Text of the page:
Firefighter contract OK'd by aldermen
MANCHESTER — The Board of Mayor and Aldermen agreed to a tentative new contract with city firefighters and finalized a contract with firefighter supervisors Tuesday night, gaining concessions on health care while still offering small cost-of-living raises and more vacation time.
The Manchester Professional Fire Fighters Association Local 856 contract is similar to other contracts signed by other unionized city employees as well as the Manchester Association of Fire Supervisors' contract, which was ratified by aldermen in a unanimous vote Tuesday evening.
The aldermen commended the firefighters for agreeing to make the deal.
“As alderman of Ward 6 who had to witness the devastation of the four-alarm fire on Eastern Avenue, I hope it's never something I have to witness again,” said Alderman Garth Corriveau. “Between the really heroic actions of that night and really the tremendous sacrifice you're making in this agreement, I think it's been a week the Manchester Fire Department should be very proud of.”
Both contracts extend to 2015 and include increases in health insurance contributions for firefighters. Current staff will contribute 12.5 percent of health care premiums beginning July 1 and will increase contributions to 15 percent in 2013. Co-payments for doctors and emergency room visits and prescription drugs also increase. All new hires after July 1 will pay 20 percent toward their premiums.
The Local 856 deal includes eliminating almost all overtime pay. For hours worked above scheduled shifts, firefighters will be paid in straight time. It also limits vacation buybacks, a program to encourage firefighters to accept payment for vacation time instead of taking time off. The program was aimed at cutting overtime pay, but hasn't saved the city the money it had hoped.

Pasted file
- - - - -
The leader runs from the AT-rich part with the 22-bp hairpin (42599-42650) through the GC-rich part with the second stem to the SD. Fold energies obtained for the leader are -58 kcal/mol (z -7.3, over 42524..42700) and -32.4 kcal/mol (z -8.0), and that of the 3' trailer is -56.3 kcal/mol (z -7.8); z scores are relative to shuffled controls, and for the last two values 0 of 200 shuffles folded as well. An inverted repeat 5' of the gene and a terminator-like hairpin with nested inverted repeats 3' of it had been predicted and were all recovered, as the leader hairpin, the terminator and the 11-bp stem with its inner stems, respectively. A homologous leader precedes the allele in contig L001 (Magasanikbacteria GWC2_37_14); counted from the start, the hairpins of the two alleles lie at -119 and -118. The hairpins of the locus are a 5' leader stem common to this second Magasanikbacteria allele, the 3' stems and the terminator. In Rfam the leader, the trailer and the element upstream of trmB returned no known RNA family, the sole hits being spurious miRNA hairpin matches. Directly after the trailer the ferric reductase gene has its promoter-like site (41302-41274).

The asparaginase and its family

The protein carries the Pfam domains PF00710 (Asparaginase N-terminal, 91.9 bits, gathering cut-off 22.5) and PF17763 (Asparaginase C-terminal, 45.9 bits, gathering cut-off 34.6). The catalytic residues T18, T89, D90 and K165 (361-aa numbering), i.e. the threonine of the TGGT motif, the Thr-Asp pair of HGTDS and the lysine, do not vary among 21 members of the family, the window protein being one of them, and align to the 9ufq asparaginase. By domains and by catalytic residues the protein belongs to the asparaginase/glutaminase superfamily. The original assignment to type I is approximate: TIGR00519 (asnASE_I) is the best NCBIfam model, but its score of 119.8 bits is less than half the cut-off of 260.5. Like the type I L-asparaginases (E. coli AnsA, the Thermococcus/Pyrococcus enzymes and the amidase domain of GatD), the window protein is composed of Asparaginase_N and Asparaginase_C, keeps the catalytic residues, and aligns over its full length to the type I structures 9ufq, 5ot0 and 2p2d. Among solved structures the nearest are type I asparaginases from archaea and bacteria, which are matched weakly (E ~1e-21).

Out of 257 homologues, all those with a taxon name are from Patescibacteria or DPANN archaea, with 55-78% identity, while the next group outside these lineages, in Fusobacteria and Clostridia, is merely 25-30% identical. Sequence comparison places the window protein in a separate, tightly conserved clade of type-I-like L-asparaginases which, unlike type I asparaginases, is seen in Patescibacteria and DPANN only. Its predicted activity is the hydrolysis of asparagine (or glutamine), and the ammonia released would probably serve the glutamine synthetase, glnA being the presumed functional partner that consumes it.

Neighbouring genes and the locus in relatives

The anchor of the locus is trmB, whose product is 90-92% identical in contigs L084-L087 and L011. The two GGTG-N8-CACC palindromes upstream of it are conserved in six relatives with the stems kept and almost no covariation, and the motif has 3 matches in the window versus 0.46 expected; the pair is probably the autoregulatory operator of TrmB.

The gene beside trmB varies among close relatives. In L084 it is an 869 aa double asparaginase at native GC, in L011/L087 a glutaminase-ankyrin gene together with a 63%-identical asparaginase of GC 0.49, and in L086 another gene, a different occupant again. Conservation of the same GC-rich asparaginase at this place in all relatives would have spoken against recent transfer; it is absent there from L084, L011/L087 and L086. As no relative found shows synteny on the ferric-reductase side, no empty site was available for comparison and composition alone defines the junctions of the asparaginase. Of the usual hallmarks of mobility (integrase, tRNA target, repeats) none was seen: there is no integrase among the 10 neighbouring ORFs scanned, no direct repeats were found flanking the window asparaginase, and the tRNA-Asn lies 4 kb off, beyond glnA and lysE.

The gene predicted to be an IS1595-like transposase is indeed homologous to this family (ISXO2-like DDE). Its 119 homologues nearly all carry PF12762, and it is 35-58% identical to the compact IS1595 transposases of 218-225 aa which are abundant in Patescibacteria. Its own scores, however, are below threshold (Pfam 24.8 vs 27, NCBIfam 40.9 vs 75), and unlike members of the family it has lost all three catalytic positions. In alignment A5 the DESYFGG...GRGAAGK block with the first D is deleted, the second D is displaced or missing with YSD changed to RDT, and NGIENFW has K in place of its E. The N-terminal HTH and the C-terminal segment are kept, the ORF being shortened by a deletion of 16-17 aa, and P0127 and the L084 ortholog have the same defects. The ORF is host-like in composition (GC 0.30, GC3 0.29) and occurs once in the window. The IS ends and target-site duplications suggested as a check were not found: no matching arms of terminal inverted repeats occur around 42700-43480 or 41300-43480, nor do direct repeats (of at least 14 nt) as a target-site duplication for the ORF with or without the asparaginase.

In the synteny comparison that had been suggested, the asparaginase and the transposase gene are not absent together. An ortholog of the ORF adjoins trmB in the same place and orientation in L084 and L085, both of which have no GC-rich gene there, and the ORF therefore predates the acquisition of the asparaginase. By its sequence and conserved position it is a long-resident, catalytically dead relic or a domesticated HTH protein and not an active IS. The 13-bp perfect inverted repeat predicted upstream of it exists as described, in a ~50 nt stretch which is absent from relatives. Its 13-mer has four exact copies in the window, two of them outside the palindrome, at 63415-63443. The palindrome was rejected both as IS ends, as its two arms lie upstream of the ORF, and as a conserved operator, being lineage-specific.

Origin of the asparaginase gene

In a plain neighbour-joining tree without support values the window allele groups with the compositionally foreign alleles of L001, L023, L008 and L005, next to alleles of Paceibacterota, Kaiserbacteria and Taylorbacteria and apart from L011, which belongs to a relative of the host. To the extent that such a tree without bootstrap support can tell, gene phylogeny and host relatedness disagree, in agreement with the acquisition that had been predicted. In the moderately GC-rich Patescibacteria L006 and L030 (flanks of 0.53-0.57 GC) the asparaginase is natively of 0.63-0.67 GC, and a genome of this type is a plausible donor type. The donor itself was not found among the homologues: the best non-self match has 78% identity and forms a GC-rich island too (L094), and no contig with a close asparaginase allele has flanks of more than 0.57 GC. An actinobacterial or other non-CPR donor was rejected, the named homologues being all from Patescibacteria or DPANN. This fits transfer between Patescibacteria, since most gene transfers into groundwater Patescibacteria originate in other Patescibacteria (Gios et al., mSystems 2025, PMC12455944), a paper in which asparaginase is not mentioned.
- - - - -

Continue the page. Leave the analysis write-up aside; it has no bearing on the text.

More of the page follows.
In return, the firefighters will receive a 1 percent cost-of-living increase in 2014 and 2015 and one additional week of vacation after 20 years of service.
The agreement on the Local 856 contract was reached late Tuesday evening after the board met in a closed-door session. The contract will now lay over until the next Board of Mayor and Aldermen meeting for final ratifications.
These concessions, like others made by city employees, are aimed at staving off layoffs. Last year, aldermen voted to lay off up to 15 firefighters.
“Last year's budget vote was one of the toughest votes I had to take in my life. I can't imagine taking a tougher vote again,” said Alderman Russ Ouellette. “Hopefully now we can move forward and rebuild the working relationship we have with (firefighters).”
The aldermen also voted on tentative agreements previously reached with the airport and library unions, as well as a benefits deal made with the city's non-unionized employees.
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